With 600kW of power, but no roof, windscreen or side windows, McLaren’s new Elva supercar promises a toupee-tugging experience.
The latest speed chaser from the British stable is the brand’s first open-cockpit road car and only 399 are being built at £1.425m (R27m) a piece, before import duties.
McLaren’s hair-ruffler offers the “ultimate connection between driver, car and the elements”, says Mike Flewitt, CEO McLaren Automotive. “With every sensory input heightened, this is a car that exists to provide unparalleled driving pleasure on road or track.”
The car is part of the brand’s Ultimate Series lineage that also includes P1, Senna, and Speedtail.
Like all McLarens the Elva is made of carbon fibre. It’s the lightest road car McLaren has built and it’s even more powerful than the track-focused 588kW Senna. The 4.0l turbocharged V8 engine fires power to the rear wheels through a seven-speed seamless-shift gearbox, and with the aid of launch control the car blitzes the 0-100km/h sprint in under three seconds. It’s even quicker than the McLaren Senna to 200km/h at just 6.7 seconds.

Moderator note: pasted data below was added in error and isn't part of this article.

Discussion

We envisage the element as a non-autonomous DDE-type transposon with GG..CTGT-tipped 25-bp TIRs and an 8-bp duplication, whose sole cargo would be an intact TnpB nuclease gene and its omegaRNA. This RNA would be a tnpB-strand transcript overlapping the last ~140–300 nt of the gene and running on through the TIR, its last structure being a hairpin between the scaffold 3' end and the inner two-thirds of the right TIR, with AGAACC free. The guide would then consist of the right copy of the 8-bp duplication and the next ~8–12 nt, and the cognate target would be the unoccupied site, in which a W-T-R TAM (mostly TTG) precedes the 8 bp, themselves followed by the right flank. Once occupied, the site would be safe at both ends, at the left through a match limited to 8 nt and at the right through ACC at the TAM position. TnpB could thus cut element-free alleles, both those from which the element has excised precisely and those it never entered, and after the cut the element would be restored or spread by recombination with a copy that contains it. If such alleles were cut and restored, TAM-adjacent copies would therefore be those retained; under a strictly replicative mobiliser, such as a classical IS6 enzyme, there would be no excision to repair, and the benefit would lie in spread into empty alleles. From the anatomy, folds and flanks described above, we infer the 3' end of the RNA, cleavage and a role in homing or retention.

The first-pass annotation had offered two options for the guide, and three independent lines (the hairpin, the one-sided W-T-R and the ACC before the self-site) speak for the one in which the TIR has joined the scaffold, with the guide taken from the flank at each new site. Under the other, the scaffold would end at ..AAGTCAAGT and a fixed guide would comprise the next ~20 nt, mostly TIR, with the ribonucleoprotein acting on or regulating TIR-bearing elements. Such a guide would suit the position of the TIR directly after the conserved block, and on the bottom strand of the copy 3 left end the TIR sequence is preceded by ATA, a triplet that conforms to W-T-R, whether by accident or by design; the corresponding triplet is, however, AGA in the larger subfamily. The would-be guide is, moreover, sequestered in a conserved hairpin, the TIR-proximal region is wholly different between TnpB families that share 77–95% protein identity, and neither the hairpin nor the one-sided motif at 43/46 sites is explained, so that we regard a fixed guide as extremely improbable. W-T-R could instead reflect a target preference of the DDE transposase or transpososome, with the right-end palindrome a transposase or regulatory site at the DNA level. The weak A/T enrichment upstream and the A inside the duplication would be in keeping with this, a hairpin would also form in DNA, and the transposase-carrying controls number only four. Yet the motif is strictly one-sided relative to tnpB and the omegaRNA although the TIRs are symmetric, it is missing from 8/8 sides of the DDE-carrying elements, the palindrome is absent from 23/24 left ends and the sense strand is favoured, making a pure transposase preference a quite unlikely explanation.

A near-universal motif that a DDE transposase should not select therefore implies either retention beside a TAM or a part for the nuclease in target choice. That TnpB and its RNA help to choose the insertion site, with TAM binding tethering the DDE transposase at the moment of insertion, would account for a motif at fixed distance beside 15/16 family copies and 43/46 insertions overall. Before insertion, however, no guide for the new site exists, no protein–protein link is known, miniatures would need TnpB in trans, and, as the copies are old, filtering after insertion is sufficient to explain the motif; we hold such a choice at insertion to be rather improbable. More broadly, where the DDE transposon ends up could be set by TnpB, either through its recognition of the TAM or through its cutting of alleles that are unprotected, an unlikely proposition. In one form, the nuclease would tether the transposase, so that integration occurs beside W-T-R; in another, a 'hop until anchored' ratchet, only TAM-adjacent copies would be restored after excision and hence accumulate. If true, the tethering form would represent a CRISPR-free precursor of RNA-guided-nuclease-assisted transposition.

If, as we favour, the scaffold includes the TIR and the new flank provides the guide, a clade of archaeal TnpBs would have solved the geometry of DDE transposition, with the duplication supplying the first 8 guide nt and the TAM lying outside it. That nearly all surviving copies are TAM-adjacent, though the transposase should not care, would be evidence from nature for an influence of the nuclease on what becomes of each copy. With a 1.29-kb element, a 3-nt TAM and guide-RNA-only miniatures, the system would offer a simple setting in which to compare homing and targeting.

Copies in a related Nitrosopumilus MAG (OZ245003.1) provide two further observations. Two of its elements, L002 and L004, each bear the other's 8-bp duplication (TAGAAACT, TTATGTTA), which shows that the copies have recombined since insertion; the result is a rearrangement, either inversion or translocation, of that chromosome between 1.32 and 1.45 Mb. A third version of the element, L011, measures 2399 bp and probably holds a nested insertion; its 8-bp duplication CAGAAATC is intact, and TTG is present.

It has Comfort, Sport and Track modes to adapt the driving characteristics for the driver mood or environment. The level of available wheelspin and oversteer can be adjusted with Electronic Stability Control and Variable Drift Control.
With its open cockpit the Elva gives new meaning to the term “immersive experience”, but clever aerodynamics help to reduce the hurricane effect inside the supercar’s cabin with an Active Air Management System (AAMS) that channels air over the cockpit to create a relative “bubble” of calm.
Owners can also specify a windscreen on request.
The Elva name pays homage to McLaren Elvas of the 1960s, which company founder Bruce McLaren built as “customer” versions of his race cars.
It’s a car that will leave you stirred and shaken.
“Our mission with the McLaren Elva was to create an open-cockpit, two-seat roadster that delivers the most elemental of driving experiences,” says Rob Melville, design director McLaren Automotive. “Formula 1-inspired shrink-wrapped volumes create a technical sculpture that is as striking as it is remarkable.”